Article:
Court gives power to FTC on no-call list

Enforcement allowed while challenge proceeds

`This is an important victory'

Agency can fine violators $11,000 for each action

October 08, 2003|By Andrea K. Walker | Andrea K. Walker,SUN STAFF

A federal appeals court ruled yesterday that the Federal Trade Commission can enforce the much-publicized do-not-call list while the constitutionality of the national registry designed to restrict telemarketing calls to consumers is decided.

The decision by the 10th U.S. Circuit Court of Appeals in Denver allows the FTC to fine telemarketers $11,000 each time they call any of the 51 million people who have signed up for the list, at least until the case makes it way through the courts.

Oral arguments are scheduled for Nov. 10 in Tulsa, Okla.

"This is an important victory for American consumers," said Timothy J. Muris, the trade commission chairman. "We believe the rule fully satisfies the requirements of the U.S. Constitution, and we will now proceed to implement and enforce the do-not-call registry."

Yesterday's ruling was the latest in a series of verdicts that began shortly before the national list was to take effect a week ago and that turned up the heat on a politically volatile issue.

On Sept. 24, U.S. District Judge Judge Lee R. West of Oklahoma City ruled that the FTC lacked authority to enforce the list. The next day, Judge Edward Nottingham of the U.S. District Court in Denver struck down the constitutionality of the list because it applied to commercial telemarketers, but not to charities, political pollsters and some others who use the phone to solicit.

Congress and President Bush moved quickly to mold a new law that would pass muster. With the FTC's hands tied by the court rulings, another federal agency, the Federal Communications Commission, began tracking complaints last week but with limited enforcement power.

Instead of filing complaints through an automatic system set up by the FTC, consumers had to call the FCC, which was manually handling complaints. The FTC also couldn't share its list of businesses that had downloaded the do-not-call list, making it difficult to penalize companies.

The FCC received about 2,000 complaints during the past week, but did not fine any companies, it said.

"Before, if somebody said you can't sue me because I wasn't able to download the list, that could have been a problem," FCC spokesman David Fiske said yesterday. "We were going to do as much enforcement as we could under a manual basis, now we have the automatic system and the registry is back in place."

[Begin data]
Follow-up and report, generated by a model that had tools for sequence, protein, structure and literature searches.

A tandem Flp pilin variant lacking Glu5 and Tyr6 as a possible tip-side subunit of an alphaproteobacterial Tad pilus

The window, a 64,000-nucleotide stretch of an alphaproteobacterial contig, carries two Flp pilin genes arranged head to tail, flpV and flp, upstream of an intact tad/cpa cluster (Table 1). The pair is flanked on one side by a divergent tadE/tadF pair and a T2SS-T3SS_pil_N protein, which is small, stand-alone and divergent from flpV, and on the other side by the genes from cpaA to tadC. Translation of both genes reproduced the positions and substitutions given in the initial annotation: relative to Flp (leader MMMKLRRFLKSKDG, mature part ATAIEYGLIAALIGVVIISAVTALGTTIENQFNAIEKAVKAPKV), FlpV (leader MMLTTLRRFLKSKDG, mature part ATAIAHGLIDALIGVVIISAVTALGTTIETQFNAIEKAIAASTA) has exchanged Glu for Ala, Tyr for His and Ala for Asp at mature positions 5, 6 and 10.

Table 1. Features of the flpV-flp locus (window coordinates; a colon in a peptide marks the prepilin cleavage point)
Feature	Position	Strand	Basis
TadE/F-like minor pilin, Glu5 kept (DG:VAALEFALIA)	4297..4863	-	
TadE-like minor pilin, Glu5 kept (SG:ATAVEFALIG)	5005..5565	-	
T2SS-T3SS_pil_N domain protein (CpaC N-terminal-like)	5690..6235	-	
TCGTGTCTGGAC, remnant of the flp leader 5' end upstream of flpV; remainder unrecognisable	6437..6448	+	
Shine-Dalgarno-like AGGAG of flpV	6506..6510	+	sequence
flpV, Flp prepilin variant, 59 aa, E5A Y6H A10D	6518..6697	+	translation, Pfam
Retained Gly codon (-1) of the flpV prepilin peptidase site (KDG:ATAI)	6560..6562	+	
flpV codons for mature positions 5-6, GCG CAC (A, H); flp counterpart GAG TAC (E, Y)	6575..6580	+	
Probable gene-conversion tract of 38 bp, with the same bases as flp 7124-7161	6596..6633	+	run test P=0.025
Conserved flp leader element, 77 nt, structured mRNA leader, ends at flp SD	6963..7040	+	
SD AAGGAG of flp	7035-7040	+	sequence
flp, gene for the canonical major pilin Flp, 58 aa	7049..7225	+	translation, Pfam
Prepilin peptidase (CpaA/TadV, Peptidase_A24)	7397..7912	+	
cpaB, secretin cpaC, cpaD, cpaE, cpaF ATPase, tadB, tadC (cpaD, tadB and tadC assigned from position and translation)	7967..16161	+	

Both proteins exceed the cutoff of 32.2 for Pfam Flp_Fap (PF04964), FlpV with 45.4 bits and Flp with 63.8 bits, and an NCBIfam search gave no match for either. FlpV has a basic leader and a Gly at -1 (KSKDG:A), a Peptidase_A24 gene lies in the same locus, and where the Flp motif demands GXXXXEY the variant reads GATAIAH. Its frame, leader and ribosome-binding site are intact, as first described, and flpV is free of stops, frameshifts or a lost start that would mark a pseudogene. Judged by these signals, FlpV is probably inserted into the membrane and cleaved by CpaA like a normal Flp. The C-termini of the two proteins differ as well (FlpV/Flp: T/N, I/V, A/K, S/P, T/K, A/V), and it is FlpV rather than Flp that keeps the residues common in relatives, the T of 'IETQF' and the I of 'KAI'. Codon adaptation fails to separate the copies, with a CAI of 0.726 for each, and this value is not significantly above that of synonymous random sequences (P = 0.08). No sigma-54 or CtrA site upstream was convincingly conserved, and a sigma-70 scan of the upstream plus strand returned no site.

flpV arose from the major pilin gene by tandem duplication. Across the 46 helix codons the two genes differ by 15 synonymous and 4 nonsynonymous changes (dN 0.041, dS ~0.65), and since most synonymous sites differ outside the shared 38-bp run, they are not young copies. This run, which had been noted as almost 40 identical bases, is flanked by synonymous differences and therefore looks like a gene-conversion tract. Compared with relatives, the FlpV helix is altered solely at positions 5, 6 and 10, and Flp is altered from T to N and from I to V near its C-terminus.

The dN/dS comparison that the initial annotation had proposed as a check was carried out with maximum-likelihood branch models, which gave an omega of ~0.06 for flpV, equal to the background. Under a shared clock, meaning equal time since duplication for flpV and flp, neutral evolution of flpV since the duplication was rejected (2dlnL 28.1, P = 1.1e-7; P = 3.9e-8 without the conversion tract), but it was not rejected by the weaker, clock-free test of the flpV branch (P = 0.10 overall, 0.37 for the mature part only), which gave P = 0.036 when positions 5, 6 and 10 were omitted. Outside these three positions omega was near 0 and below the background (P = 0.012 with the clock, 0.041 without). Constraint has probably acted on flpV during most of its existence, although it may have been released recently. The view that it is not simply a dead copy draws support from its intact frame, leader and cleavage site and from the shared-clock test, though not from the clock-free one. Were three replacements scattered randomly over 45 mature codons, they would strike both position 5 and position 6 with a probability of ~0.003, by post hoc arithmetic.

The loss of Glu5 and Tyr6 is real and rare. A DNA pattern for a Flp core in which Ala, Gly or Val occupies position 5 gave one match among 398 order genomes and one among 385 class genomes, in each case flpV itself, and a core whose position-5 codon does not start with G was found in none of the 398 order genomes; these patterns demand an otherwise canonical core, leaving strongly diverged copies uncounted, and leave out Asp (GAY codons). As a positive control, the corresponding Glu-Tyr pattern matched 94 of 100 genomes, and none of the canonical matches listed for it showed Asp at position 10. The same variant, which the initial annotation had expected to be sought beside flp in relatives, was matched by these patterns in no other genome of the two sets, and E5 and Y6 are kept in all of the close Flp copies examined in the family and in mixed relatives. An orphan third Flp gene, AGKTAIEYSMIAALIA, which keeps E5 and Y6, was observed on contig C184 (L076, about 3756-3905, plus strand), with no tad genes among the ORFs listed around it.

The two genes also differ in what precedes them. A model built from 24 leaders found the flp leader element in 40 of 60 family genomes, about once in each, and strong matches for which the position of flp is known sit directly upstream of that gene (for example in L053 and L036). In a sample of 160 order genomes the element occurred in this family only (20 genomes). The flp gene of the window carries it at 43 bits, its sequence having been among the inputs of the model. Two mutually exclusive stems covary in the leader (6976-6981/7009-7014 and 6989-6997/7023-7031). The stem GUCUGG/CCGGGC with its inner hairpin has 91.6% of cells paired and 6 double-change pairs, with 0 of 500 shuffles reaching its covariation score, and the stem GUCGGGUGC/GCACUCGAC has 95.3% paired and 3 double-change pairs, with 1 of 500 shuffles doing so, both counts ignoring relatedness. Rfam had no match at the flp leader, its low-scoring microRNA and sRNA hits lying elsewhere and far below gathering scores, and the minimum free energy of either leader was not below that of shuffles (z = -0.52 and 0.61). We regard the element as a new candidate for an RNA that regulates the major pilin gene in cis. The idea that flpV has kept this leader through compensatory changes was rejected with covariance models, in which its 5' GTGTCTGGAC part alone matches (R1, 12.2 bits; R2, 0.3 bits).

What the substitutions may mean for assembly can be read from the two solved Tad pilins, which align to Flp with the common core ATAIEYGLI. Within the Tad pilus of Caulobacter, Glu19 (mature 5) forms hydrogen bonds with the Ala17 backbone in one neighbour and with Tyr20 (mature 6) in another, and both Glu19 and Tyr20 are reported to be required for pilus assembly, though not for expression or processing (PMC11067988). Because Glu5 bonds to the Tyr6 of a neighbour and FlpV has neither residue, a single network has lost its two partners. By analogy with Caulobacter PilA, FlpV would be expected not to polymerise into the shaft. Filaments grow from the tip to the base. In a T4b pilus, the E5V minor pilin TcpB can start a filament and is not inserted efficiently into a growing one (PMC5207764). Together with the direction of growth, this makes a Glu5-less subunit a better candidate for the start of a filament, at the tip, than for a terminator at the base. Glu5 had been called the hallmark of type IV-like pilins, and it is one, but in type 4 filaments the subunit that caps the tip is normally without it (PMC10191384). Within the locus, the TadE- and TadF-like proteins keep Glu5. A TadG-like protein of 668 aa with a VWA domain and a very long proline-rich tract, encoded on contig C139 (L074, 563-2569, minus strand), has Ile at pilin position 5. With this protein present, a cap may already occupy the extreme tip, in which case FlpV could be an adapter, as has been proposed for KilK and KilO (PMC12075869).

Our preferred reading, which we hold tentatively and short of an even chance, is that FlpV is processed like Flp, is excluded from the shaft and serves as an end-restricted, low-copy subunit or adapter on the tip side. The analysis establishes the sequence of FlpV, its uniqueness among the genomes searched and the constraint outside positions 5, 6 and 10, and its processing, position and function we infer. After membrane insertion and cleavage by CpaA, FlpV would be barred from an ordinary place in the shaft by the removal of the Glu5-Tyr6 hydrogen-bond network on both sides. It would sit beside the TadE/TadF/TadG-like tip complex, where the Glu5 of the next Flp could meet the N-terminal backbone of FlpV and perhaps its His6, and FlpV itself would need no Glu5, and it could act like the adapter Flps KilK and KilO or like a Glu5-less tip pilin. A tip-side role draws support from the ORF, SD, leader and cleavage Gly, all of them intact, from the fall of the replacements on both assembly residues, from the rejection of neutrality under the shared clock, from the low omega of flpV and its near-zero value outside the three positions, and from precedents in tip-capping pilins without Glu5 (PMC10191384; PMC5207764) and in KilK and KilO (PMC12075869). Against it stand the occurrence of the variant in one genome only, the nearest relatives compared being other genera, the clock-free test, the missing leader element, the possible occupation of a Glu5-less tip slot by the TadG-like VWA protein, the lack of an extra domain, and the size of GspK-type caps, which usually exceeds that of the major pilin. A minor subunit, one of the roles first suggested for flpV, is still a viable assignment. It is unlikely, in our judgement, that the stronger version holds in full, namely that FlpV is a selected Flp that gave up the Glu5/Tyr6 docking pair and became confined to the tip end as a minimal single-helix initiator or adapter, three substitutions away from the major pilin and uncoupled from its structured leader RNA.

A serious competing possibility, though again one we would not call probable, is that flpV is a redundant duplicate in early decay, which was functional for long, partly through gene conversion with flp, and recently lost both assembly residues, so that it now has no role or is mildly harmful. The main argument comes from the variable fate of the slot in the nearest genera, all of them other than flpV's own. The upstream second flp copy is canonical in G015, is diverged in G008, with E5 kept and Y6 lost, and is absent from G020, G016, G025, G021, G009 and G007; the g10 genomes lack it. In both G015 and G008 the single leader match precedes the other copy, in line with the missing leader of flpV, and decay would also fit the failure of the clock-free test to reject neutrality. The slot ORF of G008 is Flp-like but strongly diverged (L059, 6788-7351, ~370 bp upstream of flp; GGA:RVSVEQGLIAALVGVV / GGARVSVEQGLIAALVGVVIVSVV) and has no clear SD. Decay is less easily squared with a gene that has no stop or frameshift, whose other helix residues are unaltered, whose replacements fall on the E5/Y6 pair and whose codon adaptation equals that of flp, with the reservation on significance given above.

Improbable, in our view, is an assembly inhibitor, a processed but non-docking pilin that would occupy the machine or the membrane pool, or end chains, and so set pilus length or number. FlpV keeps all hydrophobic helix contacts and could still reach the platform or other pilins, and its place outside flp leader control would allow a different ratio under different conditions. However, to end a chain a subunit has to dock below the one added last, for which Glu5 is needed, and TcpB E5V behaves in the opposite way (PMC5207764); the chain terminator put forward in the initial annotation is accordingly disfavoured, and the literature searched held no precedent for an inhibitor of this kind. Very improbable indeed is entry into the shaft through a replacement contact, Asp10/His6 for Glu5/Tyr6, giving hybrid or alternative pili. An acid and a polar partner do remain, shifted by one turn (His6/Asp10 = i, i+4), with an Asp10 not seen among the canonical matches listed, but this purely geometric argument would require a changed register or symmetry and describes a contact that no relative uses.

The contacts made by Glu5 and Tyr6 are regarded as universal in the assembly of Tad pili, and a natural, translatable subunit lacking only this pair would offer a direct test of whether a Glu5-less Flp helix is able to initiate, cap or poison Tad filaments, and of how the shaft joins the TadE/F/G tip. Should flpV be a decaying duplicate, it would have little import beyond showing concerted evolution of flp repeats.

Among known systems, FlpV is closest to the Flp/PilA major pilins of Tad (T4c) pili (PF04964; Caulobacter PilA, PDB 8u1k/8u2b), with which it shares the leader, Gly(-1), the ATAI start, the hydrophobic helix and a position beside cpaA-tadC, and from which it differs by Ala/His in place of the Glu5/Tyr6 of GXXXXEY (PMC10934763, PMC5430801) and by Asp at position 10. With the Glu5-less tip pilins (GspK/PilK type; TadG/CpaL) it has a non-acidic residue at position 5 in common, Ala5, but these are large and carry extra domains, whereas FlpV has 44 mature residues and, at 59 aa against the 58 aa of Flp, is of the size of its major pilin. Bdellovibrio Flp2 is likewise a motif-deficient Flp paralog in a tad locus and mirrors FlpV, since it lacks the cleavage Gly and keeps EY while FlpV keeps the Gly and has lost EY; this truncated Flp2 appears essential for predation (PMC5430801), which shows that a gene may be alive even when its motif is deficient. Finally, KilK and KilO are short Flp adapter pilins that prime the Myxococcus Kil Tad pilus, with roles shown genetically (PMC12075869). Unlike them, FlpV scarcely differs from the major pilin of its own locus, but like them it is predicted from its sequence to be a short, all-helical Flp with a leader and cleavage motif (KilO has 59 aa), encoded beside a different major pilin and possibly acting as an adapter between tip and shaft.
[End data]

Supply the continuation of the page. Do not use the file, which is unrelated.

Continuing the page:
Many telemarketers had publicly agreed to abide by the list even as they opposed its merits.

The Direct Marketing Association, a trade group that represents 80 percent of the companies making sales calls, didn't return calls yesterday or release a statement.

Another major group, the American Teleservices Association of Indianapolis, declined to comment directly about the appeals court's decision. Its members run telemarketing call centers for other companies.

"We are pleased with the court's decision to protect the right of free speech guaranteed under the First Amendment," Tim Searcy, the group's executive director, said in a statement. "We are committed to working with the federal government toward a measure that respects consumers across the country, without infringing on the basic right of free speech."

In making its ruling, the three-judge panel said the FTC has a good chance of winning its case.

"In light of this record, it appears the FTC is likely to succeed on its argument that the distinction ... between commercial and noncommercial solicitation passes muster," the ruling said.

The court also said that the list does not fully exempt noncommercial speech because a consumer has a choice to sign up for the list.

"This is not a regulatory scheme that will affect a `minute' portion of problematic speech because the great majority of all telemarketing calls - and therefore the preponderant source of the problem of invasion of privacy and abusive calls - are commercial calls which are covered by the FTC's rule," the court wrote.

The court said it would consider combining the case that came before Nottingham with other pending lawsuits.

Responding to one lawsuit, President Bush signed into law Sept. 29 legislation that gives the FTC authority over the list after a judge ruled the agency didn't have jurisdiction.

One telecommunications attorney said last night that he wasn't surprised by the appellate court's decision.

"The government rules are narrowly tailored," said Robert Jackson, an attorney with the Washington office of Reed Smith. "It's not a total ban on calling people."

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